- The UK Food Sector: Current trends and future investment
The UK Food Sector: Current trends and future investment
The UK Food Sector: Current trends and future investment18th December 2020 - Published by Kuits corporate team
Back in December 2019, immediate reports suggested that the spread of the COVID-19 virus originated from a wet-market in China which sold predominately meat-based produce. This prompted commentators to note the consequences of improper food hygiene and shine a light on meat consumption.
It is worth noting that this is not a new trend. It is plain to see that the production of sustainable produce and plant based alternatives has gained significant consumer popularity in the last decade. For instance, a record 400,000 people signed up to the UK movement “Veganuary” this year, compared with 250,000 participants in 2019 and 170,000 in 2018. Add to this the Prime Minister’s comments in July this year, where he described the UK’s obesity crisis as “the single most important modifiable risk factor” in tackling COVID-19, and it shows that there is now, more than ever, an increased UK consumer focus on healthy eating.
Furthermore, natural disasters such as the forest fires in Australia, California and Brazil have provided tangible evidence of global warming in action, with deforestation used in large-scale farming being widely discussed as a contributing factor. Therefore, even before the outbreak of COVID-19, there was increasing pressure on businesses to promote and invest in sustainable alternatives to traditional methods.
In spring of this year, the sharp, sudden shock of national lockdown and the closure of domestic borders worldwide exposed weaknesses in both the national and global food system. Food manufacturing was halted and supply lines were cut off, leading to the onrush of anxious shoppers to our supermarkets, increasing reliance on online retail and likely causing permanent changes to consumer preferences and shopping habits. The immediate commercial impact was the dramatic fall in food sector deals and acquisitions.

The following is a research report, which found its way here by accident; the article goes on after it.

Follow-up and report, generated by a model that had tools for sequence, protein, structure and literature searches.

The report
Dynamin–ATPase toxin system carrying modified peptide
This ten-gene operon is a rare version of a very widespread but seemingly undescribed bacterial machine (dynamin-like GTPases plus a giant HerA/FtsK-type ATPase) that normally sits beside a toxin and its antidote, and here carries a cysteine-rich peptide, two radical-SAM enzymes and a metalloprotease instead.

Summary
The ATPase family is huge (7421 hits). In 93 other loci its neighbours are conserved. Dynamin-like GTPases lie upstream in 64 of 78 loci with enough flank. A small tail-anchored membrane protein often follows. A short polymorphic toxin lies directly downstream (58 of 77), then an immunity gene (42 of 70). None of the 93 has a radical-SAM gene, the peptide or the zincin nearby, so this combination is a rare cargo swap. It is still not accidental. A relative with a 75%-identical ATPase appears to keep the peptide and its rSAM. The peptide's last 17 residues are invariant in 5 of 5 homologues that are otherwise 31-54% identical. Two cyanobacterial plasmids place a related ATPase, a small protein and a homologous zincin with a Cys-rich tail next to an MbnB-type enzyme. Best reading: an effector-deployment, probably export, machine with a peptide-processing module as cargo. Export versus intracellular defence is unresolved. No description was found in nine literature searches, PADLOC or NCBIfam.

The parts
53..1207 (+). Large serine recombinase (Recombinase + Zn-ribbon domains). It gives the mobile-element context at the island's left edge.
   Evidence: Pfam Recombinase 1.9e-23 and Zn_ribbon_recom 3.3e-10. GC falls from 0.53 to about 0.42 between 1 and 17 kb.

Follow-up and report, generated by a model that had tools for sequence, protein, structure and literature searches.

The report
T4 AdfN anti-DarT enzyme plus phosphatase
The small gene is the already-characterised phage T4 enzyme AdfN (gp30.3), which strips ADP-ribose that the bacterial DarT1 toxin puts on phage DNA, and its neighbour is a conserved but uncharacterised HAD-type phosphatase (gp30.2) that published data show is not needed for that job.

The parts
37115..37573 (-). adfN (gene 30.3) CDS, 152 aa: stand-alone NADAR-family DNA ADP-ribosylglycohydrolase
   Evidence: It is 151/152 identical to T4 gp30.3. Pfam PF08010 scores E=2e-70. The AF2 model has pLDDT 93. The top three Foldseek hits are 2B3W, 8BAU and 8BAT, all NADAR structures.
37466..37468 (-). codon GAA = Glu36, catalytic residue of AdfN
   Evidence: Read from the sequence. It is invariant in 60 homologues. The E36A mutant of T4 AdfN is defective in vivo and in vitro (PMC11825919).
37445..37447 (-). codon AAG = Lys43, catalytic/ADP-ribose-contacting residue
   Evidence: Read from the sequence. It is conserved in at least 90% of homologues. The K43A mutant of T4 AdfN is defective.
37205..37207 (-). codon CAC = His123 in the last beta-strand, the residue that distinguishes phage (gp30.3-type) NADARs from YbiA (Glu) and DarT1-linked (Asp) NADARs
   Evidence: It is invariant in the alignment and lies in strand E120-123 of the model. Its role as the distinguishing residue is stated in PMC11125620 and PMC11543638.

However, as the food industry steers its way into clearer waters, investors are running with those trends outlined above and focusing their interests on the simultaneous goals of increasing food security and tackling climate change.
What have the changes been?
We are seeing that start-ups are encouraged to make key innovative contributions to more efficient, healthier and sustainable forms of food production and retail.
We are equally noticing that established companies are increasingly looking for minority or majority investments, joint venture opportunities, or acquisitions to broaden their product base, supply chain or logistical capabilities. This will allow existing key players to evolve alongside the ongoing trends of sustainability, wellness and healthy eating, while simultaneously strengthening their position in light of an array of challenges faced during the pandemic. This adaptability will in turn prepare them for the “post-COVID” world, allowing them to meet the requirements of new consumer behaviours and preferences which are predicted to become commonplace.
What does the future hold?
Businesses in the food sector undoubtedly have increased appetite to invest in innovative businesses which can also be advantageous to drive the profitability of the target business and to unlock more value for its owners. There are multiple reasons why a target might want to welcome such investment, often including increased market profile, synergistic benefits and leveraging on existing networks through being part of the investor’s group.
With food prices expected to rise as a result of a likely no-deal Brexit, and the UK subsequently opting out of the agricultural regulatory frameworks of the EU, it is suggested by commentators that the UK food industry is opting to follow those trends outlined above and will attempt to grow the market by hedging its bets on innovation.
It is therefore expected that agriculture and food manufacturing with a strong focus on technology and robotics, and following the above trends, will experience significant growth and investment in the coming years; the need for which becomes increasingly obvious as the population grows and society becomes more urbanised. It is hoped that the Agri-food sector could pave the way for increased employment opportunities as the UK heads into a jobs crisis following the pandemic.
Get in touch with a corporate solicitor in Manchester
We are experienced in advising food businesses at every stage of their journey; and as a full service law firm, we can help with all your legal needs. Our lawyers are experts in their fields, having advised numerous established food sector businesses and start-ups and are always on hand to provide clear and robust advice.
If you are looking for advice in relation to your Food sector company, please contact Helen Mather in the Corporate team on 0161 838 8183 or email firstname.lastname@example.org.